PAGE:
Affiliation: School of Medicine, Department of Biochemistry and Biophysics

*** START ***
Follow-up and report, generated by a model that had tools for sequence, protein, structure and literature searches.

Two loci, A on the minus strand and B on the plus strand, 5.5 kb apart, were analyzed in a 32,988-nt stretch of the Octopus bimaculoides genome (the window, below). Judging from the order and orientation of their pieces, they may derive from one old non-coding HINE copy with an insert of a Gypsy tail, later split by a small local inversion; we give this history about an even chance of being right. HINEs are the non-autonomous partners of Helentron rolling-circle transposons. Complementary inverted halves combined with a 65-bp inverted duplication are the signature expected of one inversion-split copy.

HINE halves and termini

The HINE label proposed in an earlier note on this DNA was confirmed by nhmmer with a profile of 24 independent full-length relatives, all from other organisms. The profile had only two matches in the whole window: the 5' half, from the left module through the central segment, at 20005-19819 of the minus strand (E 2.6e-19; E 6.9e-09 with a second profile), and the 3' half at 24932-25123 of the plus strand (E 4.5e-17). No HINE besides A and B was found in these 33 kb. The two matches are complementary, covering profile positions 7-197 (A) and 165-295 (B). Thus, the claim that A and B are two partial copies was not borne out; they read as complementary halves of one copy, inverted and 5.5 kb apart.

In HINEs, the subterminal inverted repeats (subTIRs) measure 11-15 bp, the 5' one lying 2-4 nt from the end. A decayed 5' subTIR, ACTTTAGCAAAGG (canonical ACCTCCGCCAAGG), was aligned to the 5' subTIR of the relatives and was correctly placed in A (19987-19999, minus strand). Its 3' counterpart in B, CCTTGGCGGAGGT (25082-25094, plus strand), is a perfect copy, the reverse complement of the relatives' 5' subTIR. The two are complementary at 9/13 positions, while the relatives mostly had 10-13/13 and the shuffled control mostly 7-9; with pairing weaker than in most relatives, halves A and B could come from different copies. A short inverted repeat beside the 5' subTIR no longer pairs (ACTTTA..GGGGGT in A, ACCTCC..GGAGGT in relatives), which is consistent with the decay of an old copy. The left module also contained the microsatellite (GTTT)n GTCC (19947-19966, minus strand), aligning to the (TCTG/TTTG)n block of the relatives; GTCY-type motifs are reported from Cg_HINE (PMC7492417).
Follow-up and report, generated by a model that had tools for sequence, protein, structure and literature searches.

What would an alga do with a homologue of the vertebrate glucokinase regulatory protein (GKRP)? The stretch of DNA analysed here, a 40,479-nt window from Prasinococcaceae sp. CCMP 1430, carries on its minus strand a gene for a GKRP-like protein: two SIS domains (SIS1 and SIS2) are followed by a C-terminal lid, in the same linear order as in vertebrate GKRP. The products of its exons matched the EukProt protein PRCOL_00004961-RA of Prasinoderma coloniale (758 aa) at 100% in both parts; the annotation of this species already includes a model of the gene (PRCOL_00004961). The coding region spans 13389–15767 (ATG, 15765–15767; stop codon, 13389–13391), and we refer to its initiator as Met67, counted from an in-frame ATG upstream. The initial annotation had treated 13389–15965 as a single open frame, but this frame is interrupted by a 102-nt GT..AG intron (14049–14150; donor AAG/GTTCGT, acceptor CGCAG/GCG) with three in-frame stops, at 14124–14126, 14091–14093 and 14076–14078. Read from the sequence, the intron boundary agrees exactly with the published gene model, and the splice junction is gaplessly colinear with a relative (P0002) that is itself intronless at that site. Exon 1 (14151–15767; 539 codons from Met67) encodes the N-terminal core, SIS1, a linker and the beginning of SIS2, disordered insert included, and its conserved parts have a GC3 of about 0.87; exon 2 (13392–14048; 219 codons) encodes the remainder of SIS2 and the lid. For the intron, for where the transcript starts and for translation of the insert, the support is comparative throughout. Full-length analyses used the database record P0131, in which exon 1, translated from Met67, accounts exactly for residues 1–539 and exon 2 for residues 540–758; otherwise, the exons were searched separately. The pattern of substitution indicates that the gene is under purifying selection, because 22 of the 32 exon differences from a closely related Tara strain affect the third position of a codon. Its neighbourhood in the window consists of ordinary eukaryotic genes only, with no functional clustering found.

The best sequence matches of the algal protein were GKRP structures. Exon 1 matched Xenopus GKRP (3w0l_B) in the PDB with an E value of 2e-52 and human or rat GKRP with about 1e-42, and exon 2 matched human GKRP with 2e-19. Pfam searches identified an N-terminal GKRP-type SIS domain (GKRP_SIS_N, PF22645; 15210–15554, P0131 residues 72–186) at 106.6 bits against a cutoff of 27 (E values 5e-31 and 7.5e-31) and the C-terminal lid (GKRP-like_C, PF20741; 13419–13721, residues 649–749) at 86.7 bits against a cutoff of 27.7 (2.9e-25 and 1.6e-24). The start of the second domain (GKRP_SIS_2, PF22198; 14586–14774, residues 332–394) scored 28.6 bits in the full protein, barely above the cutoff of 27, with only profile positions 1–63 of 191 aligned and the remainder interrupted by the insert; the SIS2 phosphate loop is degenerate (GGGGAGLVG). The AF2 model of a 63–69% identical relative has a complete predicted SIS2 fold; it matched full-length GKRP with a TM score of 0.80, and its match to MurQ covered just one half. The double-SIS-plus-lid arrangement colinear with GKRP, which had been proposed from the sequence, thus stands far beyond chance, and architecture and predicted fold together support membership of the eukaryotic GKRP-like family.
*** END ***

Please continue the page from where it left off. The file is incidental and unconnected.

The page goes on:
Cell behavior results from the precise orchestration of molecular activity in time and space. The need to understand dynamics of proteins in the context of living systems has recently led to the development of a remarkable suite of protein ‘switches’, engineered domains and other approaches that cause proteins to respond to small molecules or light, enabling us to control the spatiotemporal dynamics of protein-protein interactions, posttranslational modifications, conformational change, and subcellular localization. However, existing methods suffer from many disadvantages including increased basal activity before protein activation, slow kinetics, difficulty in delivery and expression, and inefficient activation. This dissertation describes two strategies to manipulate protein activity to interrogate the role of the protein of interest in cell motility. In the first study, I developed a ligand-controlled switch to manipulate activities of various kinases dynamically. In the second study, I developed a novel and generalizable approach to control protein activity by splitting target proteins and regulating their reassembly using a ligand or light. Both methods were used to investigate the dynamics of proteins including kinases and guanine nucleotide exchange factors in cell motility.